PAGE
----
Program Manager Paula Bingham works with PHAs to improve HCV programs and increase participant and landlord satisfaction.

Once applicants have been accepted into the Housing Choice Voucher Program (HCVP), they may feel overwhelmed by program rules and what happens next. A comprehensive HCVP briefing is vital to participant success. Quadel program manager, Paula Bingham, discusses how PHAs can ensure briefings meet the needs of participants below.

Understand the PHA’s Role and Responsibility

Most importantly, participants are given their housing vouchers at program briefings. It is the PHA’s responsibility to be sure each participant knows what steps to take to use the housing voucher successfully. Program rules must be covered including those specified by HUD. Bingham notes that a large amount of information must be digestible.

“Some participants may be familiar with the program, but most will not,” Bingham said. “The topics covered include the three-way partnership between the PHA, the landlord, and the voucher participant, and the responsibilities of each; how the voucher size was determined and payment standards; how and where to search for a unit; how the tenant portion of the rent is calculated; the inspection process; annual recertifications and interim reporting requirements. It’s important for briefing attendees to know the importance of following the program rules, and if they have questions or concerns, the PHA will do its best to provide clear information and when needed, refer them to available resources to succeed.”

Use Visual Aids to Explain the Information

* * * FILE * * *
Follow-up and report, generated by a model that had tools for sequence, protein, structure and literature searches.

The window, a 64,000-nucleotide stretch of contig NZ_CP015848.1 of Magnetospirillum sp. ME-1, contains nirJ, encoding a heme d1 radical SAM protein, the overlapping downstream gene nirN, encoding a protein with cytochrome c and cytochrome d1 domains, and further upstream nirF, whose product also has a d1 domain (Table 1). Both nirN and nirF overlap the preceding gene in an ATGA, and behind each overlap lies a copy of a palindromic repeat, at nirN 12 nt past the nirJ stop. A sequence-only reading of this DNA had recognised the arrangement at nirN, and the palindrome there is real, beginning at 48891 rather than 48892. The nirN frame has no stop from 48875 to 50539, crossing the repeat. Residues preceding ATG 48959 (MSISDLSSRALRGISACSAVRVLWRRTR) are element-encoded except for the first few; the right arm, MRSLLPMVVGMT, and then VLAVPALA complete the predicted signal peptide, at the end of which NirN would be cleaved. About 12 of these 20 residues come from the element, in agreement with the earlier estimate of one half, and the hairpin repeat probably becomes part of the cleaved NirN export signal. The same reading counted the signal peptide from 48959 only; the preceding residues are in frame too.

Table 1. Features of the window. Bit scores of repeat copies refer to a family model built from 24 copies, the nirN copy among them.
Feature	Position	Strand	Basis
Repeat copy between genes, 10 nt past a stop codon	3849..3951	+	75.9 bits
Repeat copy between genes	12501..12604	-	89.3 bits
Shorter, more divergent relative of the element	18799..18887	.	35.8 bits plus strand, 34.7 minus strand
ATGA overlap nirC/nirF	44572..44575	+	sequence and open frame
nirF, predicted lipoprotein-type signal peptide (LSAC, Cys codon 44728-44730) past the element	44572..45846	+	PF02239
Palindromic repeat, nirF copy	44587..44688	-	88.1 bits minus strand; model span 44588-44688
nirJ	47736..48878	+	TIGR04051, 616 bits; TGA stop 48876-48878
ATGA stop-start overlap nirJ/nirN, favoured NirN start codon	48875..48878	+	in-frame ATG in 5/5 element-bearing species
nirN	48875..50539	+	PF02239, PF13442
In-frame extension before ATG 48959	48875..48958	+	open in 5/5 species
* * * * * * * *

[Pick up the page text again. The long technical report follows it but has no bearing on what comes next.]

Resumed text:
HCV briefing information is vital to understand. Technical program regulations, rules, and industry jargon can confuse those new to the program. The best briefings must be offered in a variety of methods fit for adult learners. While many PHAs prefer in-person briefings, others may use video conferencing, telephone, and recorded briefings. Visual aids such as PowerPoints or videos engage the audience and help attendees retain information. Additionally, recorded briefings allow participants 24/7 access to important information they can reference as needed.

“We have all learned how to function in a virtual environment, but I still believe there is a place for in-person briefings when PHA’s can do so. Utilizing a professional effective presentation is necessary when sharing information about the program,” Bingham said.  “When doing in-person briefings, I also welcome questions throughout the presentation unless it is only relevant to that one individual. In that case, I make myself available for personal situation questions after the briefing is over.”

Be Aware of the Individual Needs of Briefing Attendees

Bingham noted that she starts each briefing by stating no one should leave before all of their questions are answered. Briefing attendee backgrounds are just as diverse as the communities PHAs serve. Those conducting the briefing must understand each person’s situation and any special requirements.

“While there is some information that is required to be covered in a voucher briefing, the challenge is to determine just how much additional information is needed based on the particular group,” Bingham said. “Are the vouchers being issued to homeless individuals/families? Is anyone a veteran? Are any attendees aging out of foster care? Is anyone being displaced due to a public housing demo? These are all situations to be aware of,” Bingham said. “If the FSS program or Homeownership is an option, I spend a little extra time talking about the advantages and the importance of working toward self-sufficiency.”

Quadel provides technical assistance to PHAs to improve briefing processes. This may include creating briefing packets or videos. For more information regarding these services, request a proposal